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Pool & Recreational Shotcrete Corner Based on the article, “Shotcrete Reborn,” originally published in WaterShapes, a pool industry magazine (www.WaterShapes.com). Reprinted with permission. Shotcrete Reborn (Part II of a III Part Series) When its originators surrendered control of the shotcrete process in the 1950s, the approach fell on hard times. As the authors discuss here, however, it has since recovered and has resumed its rightful place among the world’s key construction technologies By Lily Samuels and Bill Drakeley The years after the Second World War were times of opportunity and awkwardness in the shotcrete business. From 1920 until the early 1950s, the Cement Gun Co. owned the trademark to “gunite” and established an aggressive licensing/franchising system to maintain as much control as it could over the process and profit from it to the greatest possible degree. By 1952, however, the Cement Gun Co. decided to release the trademark. This enabled the American Concrete Institute (ACI) to dig in and study the process, which by that point had become extremely popular as a construction technology. From that point, the name of the process began to shift to “shotcrete,” a nominal change that was most significant because it was a step away from the old “gunite” trademark. In the first installment of this three-part series (Shotcrete magazine, Summer 2015, pp. 22-24), we described the genesis of the shotcrete process, starting with Carl Akeley’s ingenious invention of a pressurized, double-chamber “gun,” and moving on to Samuel Traylor’s acquisition of both the gun’s patent and of the Cement Gun Co. in Allentown, PA, near the heart of the emerging cement industry. We then described the explosive growth of the use of the company’s proprietary dry-mix “gunite” and its ongoing, tight control over technologies and techniques. The end of the Second World War was the turning point. As we’ll see in this installment, changes in America and the industry had lasting effects on shotcrete—for better and worse—that continue to be played out today. Trying Times As it turned out, the Cement Gun Co.’s release of the trademark also facilitated the proliferation of contractors attempting the shotcrete process without any in-depth knowledge of how it should be done. In essence, any contractor with a hose and a cement gun could market him- or herself and the product as being original “gunite,” no matter how extensively they departed from the established standards for the method. The word “cowboy” was often used to describe these lone contractors, a large percentage of whom were Fig. 1: ACI Certified Nozzleman applying wet-mix shotcrete using the method to build swimming pools. 42 Shotcrete • Spring 2016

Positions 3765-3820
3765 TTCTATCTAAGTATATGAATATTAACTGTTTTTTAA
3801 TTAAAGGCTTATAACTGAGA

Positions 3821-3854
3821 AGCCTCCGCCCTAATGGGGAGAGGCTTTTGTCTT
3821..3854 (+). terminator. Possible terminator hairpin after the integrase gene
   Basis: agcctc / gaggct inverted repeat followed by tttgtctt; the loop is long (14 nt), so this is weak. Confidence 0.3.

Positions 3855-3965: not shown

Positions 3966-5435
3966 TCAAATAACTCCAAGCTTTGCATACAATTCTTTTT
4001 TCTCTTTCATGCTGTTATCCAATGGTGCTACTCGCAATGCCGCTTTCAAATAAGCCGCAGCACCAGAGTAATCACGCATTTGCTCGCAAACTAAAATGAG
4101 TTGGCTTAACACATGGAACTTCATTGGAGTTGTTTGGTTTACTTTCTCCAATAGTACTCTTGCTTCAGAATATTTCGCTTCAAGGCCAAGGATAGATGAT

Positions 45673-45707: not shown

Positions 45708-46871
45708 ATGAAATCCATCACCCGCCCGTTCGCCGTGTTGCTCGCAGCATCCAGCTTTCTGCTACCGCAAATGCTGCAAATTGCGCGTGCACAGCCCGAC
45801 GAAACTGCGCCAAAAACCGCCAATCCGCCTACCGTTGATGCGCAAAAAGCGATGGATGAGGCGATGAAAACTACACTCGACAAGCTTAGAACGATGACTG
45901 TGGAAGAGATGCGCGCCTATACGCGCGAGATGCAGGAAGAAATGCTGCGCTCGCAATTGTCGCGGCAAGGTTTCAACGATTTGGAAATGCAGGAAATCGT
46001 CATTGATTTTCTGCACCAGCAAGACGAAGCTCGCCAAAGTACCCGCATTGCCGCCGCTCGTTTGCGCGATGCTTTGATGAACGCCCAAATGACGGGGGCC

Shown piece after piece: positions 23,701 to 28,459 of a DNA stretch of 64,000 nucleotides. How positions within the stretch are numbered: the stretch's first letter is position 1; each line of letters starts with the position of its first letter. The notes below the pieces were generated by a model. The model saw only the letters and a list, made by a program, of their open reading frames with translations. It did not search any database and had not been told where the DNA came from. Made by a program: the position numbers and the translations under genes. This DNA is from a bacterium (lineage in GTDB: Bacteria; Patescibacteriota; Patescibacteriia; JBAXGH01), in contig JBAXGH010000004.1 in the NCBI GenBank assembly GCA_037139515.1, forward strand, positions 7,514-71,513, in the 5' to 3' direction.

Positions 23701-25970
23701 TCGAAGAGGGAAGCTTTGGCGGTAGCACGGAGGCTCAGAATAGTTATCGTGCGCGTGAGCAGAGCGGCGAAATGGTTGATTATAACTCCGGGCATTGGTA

2016SpringShotcreteEMag
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